Blue Boy: Seeing beyond Perception by Dash Cox
Illustrations by David Dibble
There is a particular kind of poetry that I’ve seen in literary magazines: so-called literary works from literary minds, masters of fine arts, doctors of poetry with the passion schooled straight out of them. Some are clever, some surprising, some witty, some are examples of poetic forms that died in 14th century Persia, and some comment on the soulless, branded present—but how few have that ragged sound of a verse shrieked into a pillow, lines written because, left unexpressed, they would like a pile of stones on a human being’s chest drive out the breath and blood and life, leaving the corpse of a poet unmourned in the dust.
Such are the verses of Dash Cox—they are his struggle, his confession, his pain and his confusion and, finally, his freedom.
“Dash Cox was born in Monrovia, Liberia. When he was eight years old, a coup broke out in his native home, and two years later his parents sewed five hundred dollars into his back pocket and stuck him on a plane to live with his aunt in Arlington, Virginia.” So says the introduction to Blue Boy. It continues, “Arriving in the United States, he was proud of his African heritage, proud of who he was, and proud of his color. But that all changed. In his new home he met a very light skinned black man who often said to him, “Dash you’re so black, you’re blue.” So when he was around, Dash’s nickname was Blue Boy”.
Divided into three books, Bondage, Emancipation, and Freedom, Dash deals with his coming of age side-by-side with his growing sense of racial awareness in blunt, barely poetic terms that speak directly, half-growling, half-howling of the unjust truths that were forced on him. It would not be a stretch to compare him to Langston Hughes, writing of the explosion of a dream deferred, though some of his more traditional rhymed poems have the more polished feel of Countee Cullen. Much of the writing in Blue Boy is free verse, for lack of a better catch-all—in fact, most of the forms seem to be of the poet’s invention, and come in such a great variety that it would be futile to try to describe them all. In general, Cox has a playful attitude towards the page, letting his lines move spatially, and sometimes in unexpected ways, such as when they break into nearly indecipherable curlicues in God: Who, What, Where?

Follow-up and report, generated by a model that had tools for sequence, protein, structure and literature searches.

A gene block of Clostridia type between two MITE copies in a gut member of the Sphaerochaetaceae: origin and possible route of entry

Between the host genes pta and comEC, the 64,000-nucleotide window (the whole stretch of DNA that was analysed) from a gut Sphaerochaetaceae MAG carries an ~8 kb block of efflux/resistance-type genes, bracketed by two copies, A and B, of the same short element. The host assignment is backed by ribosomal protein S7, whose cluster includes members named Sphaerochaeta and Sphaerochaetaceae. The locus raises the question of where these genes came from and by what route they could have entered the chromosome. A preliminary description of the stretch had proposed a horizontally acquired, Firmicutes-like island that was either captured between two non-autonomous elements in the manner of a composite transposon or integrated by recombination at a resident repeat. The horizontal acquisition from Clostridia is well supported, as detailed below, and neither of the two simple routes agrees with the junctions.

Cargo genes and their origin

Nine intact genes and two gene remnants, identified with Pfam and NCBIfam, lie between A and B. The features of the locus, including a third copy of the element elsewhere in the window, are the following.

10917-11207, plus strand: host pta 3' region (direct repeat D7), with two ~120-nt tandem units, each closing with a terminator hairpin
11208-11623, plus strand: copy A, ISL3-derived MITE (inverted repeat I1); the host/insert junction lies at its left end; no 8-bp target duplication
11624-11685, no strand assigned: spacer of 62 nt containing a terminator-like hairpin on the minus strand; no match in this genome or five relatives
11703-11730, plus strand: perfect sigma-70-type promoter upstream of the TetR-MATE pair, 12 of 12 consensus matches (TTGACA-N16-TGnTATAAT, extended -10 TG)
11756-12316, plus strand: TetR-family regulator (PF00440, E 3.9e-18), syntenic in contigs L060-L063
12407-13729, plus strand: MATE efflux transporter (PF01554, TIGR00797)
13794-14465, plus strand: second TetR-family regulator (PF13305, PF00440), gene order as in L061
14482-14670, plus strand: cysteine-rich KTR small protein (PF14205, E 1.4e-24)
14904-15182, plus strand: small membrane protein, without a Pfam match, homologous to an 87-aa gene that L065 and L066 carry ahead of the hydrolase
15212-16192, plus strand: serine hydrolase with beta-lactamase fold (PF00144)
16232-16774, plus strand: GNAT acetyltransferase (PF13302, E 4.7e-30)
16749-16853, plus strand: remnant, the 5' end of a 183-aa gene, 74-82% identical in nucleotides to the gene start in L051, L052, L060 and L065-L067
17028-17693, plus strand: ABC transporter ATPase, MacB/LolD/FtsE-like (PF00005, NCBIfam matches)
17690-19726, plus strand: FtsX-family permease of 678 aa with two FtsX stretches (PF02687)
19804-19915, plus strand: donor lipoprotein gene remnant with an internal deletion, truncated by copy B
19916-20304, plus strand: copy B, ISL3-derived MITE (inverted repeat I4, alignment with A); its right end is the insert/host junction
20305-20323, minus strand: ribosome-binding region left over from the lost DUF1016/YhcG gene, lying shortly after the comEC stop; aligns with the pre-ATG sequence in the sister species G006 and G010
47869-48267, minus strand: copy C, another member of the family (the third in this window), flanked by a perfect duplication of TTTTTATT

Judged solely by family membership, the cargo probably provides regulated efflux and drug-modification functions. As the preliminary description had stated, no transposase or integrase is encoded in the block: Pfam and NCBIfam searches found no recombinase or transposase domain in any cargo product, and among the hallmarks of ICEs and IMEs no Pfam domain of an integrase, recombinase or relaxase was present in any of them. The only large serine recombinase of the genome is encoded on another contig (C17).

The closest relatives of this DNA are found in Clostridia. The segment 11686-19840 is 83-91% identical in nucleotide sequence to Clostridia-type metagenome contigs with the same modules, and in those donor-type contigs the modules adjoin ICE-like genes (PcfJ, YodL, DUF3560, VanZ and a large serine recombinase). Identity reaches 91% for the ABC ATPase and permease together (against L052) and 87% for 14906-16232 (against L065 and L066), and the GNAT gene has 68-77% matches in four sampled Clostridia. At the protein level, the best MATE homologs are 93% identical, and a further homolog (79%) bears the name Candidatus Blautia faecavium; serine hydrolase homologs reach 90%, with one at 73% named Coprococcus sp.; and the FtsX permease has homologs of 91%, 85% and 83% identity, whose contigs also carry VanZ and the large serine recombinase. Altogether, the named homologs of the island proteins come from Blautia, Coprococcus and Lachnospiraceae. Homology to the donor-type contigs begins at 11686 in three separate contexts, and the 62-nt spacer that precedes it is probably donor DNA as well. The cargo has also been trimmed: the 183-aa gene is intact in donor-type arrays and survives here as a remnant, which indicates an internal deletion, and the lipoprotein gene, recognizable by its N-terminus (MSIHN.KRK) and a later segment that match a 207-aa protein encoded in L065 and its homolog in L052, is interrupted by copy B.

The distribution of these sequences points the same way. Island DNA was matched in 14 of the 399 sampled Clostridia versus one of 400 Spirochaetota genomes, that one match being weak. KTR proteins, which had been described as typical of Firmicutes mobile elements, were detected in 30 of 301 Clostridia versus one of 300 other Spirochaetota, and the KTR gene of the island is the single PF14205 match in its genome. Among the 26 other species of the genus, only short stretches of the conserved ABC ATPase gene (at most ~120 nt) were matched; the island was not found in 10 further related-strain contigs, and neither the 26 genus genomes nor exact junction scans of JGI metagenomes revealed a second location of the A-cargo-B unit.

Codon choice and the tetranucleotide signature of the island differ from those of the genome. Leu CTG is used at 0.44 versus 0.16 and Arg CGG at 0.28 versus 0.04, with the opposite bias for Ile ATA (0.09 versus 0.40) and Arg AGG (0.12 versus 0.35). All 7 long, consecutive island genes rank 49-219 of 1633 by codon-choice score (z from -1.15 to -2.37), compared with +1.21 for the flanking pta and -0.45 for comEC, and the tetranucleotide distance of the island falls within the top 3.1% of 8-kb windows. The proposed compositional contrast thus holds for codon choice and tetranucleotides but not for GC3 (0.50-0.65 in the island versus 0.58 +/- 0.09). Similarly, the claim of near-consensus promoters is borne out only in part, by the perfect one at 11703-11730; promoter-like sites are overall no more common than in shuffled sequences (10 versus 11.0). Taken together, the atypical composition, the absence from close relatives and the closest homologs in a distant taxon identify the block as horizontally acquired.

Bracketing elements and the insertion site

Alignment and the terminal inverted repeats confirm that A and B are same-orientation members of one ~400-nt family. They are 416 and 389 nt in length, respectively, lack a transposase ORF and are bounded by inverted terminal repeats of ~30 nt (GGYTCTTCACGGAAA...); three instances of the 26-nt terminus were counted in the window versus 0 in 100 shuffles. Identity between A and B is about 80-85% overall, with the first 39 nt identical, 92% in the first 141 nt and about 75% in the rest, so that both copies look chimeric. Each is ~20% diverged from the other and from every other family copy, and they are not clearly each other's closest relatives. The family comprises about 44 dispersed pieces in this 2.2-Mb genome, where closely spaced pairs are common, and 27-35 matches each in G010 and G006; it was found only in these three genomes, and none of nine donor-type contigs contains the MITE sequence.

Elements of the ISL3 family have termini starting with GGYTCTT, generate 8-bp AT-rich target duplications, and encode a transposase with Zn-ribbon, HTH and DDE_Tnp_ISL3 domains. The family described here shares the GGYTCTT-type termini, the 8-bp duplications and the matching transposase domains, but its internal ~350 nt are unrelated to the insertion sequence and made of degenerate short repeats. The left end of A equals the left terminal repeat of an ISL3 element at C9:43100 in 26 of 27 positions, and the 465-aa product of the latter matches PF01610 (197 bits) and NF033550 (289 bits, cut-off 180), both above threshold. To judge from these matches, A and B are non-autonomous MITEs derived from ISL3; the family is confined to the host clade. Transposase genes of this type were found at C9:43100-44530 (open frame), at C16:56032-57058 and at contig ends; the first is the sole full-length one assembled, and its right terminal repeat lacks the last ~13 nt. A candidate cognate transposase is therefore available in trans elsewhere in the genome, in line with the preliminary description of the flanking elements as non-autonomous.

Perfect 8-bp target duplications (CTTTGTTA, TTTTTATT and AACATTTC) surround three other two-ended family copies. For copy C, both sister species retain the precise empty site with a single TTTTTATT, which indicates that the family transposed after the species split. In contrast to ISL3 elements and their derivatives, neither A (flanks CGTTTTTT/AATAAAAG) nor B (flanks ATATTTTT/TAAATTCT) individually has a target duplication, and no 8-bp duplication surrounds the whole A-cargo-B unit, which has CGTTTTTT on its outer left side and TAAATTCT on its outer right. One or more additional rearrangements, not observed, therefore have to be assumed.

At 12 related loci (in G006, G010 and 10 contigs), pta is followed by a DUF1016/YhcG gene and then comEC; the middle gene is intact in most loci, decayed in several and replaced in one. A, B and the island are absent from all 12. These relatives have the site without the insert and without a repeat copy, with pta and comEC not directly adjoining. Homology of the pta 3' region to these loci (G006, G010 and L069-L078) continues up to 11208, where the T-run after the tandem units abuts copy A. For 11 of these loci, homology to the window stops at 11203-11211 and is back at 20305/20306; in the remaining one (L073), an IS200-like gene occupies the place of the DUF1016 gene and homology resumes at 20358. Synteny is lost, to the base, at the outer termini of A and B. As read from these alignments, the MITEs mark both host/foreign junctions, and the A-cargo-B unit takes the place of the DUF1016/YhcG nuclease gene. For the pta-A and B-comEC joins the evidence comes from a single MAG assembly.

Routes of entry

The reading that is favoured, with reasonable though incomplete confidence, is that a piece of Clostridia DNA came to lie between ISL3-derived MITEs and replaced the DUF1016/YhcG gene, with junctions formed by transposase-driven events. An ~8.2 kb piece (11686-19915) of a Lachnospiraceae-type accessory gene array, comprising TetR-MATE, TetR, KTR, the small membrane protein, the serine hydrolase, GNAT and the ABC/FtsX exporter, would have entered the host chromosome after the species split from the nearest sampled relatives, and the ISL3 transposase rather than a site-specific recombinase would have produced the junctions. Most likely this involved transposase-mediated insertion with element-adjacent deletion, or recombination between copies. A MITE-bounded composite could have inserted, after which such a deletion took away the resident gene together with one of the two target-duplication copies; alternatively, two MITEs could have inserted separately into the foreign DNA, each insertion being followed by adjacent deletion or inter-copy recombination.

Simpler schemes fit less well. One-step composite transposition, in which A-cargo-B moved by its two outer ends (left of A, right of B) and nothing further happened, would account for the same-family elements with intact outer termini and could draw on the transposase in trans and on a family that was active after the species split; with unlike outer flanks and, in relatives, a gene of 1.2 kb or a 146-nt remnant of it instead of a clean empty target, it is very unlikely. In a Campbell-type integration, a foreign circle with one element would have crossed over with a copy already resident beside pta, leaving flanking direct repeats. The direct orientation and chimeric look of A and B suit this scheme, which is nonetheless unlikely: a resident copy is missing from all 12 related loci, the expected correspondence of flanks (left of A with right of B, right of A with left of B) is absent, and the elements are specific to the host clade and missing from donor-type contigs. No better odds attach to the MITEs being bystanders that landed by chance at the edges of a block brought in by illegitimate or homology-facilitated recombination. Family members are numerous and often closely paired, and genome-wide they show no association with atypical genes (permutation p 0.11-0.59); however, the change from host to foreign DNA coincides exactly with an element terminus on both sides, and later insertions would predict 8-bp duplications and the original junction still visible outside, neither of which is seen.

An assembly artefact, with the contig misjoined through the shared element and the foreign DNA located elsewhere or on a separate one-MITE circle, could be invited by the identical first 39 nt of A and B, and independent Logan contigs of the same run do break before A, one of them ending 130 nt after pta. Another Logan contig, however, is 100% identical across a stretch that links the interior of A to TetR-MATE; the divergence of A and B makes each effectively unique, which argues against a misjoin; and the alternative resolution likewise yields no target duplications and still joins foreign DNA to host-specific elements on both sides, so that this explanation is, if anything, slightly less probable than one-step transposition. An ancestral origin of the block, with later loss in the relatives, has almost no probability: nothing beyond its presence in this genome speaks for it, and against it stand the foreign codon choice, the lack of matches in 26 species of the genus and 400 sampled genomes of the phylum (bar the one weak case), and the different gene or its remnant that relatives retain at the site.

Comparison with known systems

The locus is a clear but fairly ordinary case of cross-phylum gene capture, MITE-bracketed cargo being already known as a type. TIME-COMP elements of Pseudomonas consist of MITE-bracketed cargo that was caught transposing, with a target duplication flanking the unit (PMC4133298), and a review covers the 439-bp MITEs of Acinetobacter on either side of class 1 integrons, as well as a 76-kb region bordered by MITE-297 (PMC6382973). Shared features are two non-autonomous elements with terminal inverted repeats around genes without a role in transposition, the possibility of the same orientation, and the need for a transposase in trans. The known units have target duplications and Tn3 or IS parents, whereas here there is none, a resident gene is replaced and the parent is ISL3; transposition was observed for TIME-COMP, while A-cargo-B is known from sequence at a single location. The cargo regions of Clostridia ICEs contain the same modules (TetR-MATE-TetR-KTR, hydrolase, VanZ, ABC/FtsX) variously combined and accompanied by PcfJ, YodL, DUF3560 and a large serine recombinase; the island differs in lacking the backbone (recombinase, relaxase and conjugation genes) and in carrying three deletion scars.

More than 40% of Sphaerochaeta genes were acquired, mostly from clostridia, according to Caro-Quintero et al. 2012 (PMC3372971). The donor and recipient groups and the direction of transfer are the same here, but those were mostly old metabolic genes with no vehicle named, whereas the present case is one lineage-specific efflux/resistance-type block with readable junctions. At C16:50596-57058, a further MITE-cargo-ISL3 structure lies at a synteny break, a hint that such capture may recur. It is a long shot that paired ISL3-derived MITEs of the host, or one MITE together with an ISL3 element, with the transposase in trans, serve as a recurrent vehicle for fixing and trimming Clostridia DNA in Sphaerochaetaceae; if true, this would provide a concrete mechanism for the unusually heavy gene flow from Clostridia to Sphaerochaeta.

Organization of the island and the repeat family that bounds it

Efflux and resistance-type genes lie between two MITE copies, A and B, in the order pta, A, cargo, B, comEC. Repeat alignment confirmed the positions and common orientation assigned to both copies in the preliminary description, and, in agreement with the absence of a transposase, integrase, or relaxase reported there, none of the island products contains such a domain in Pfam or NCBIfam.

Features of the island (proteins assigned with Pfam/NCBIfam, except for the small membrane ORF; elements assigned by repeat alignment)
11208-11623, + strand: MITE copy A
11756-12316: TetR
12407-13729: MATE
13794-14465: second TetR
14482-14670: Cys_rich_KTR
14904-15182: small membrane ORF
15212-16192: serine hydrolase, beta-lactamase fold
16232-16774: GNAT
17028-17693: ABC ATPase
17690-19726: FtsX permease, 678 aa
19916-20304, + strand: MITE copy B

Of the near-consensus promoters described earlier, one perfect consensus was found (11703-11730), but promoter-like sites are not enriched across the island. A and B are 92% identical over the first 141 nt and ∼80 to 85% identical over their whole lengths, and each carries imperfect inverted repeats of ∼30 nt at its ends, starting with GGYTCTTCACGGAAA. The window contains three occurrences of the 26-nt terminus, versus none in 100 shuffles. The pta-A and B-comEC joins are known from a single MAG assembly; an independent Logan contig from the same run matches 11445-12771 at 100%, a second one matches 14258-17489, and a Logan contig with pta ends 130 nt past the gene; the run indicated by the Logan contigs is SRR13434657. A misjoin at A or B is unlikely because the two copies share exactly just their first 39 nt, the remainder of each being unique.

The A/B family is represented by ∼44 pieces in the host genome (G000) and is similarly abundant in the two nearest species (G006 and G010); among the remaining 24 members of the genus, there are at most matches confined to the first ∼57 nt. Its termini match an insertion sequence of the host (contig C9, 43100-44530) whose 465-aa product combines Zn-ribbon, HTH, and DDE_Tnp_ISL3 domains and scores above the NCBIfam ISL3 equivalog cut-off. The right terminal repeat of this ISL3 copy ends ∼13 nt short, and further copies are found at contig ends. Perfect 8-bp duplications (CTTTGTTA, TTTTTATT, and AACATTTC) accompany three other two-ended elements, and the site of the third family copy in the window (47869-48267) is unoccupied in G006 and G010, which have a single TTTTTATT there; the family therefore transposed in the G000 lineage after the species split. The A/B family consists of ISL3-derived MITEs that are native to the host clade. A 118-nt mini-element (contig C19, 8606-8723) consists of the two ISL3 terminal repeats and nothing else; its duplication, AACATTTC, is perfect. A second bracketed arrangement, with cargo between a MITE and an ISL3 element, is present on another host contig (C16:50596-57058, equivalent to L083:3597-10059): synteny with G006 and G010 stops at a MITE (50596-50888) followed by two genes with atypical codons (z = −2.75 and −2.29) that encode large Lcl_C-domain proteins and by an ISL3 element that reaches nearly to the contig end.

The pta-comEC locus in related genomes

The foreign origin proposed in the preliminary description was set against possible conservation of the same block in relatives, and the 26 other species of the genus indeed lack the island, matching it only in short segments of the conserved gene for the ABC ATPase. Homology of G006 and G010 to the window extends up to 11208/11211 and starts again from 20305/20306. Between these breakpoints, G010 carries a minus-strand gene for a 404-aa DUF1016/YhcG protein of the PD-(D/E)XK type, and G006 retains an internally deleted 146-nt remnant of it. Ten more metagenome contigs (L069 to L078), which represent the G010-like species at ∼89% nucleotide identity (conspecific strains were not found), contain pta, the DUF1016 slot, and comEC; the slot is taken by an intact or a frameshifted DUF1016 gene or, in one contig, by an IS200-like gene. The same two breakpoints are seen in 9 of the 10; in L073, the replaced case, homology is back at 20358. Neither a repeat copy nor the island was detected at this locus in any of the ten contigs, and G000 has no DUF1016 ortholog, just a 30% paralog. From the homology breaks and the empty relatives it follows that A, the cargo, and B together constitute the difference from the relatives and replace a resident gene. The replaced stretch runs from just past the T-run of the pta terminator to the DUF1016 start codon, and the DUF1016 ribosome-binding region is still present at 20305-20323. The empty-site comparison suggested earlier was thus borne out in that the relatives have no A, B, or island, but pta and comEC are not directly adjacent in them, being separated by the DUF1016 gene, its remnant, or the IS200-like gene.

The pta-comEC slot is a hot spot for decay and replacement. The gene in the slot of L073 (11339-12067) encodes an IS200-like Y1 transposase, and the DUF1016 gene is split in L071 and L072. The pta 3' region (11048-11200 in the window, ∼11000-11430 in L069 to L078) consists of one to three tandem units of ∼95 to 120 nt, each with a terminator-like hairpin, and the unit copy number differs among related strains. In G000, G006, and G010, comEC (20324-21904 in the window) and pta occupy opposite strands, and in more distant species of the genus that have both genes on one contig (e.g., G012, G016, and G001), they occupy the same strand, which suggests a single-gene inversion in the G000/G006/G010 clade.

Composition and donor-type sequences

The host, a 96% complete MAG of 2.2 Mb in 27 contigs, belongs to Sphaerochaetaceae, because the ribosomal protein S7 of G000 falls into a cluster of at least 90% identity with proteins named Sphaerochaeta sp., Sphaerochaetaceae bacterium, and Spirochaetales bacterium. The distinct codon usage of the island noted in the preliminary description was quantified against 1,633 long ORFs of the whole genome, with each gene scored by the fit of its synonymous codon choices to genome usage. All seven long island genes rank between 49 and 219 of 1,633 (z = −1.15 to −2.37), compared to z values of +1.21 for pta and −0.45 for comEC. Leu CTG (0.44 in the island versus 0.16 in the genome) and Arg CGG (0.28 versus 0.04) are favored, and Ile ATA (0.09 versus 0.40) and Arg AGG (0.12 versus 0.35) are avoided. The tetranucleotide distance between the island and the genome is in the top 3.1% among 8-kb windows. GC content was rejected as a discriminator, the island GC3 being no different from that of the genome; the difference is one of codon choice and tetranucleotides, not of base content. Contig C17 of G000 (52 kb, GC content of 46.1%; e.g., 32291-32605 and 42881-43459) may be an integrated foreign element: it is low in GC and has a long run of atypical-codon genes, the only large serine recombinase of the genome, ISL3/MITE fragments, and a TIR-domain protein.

If it is the intensity of his voice that gives power to these poems, their value comes from their look at America—black and white—and their passion comes from the poet looking within himself. Looking at America: “Scars on my back / blood on the floor / Please, Massuh! Please, Officer! / Don’ beat me no more!” Looking at himself: “Blue Boy, Blue Boy, / Man, you’re a new boy. / You didn’t have a clue, boy, / How it would be for you, boy.”
These are not poems to be forgotten. No exhibitions of kooky language and unexpected line breaks, they are simple words taken from the deepest of places, the place where we keep our love and our hate and our spirituality, our fear, prejudice and pride—the place where real poetry comes from. These are poems to be ignored at our own collective peril.
For a copy of Blue Boy, as well as for interviews and speaking engagements, e-mail Dash Cox at firstname.lastname@example.org.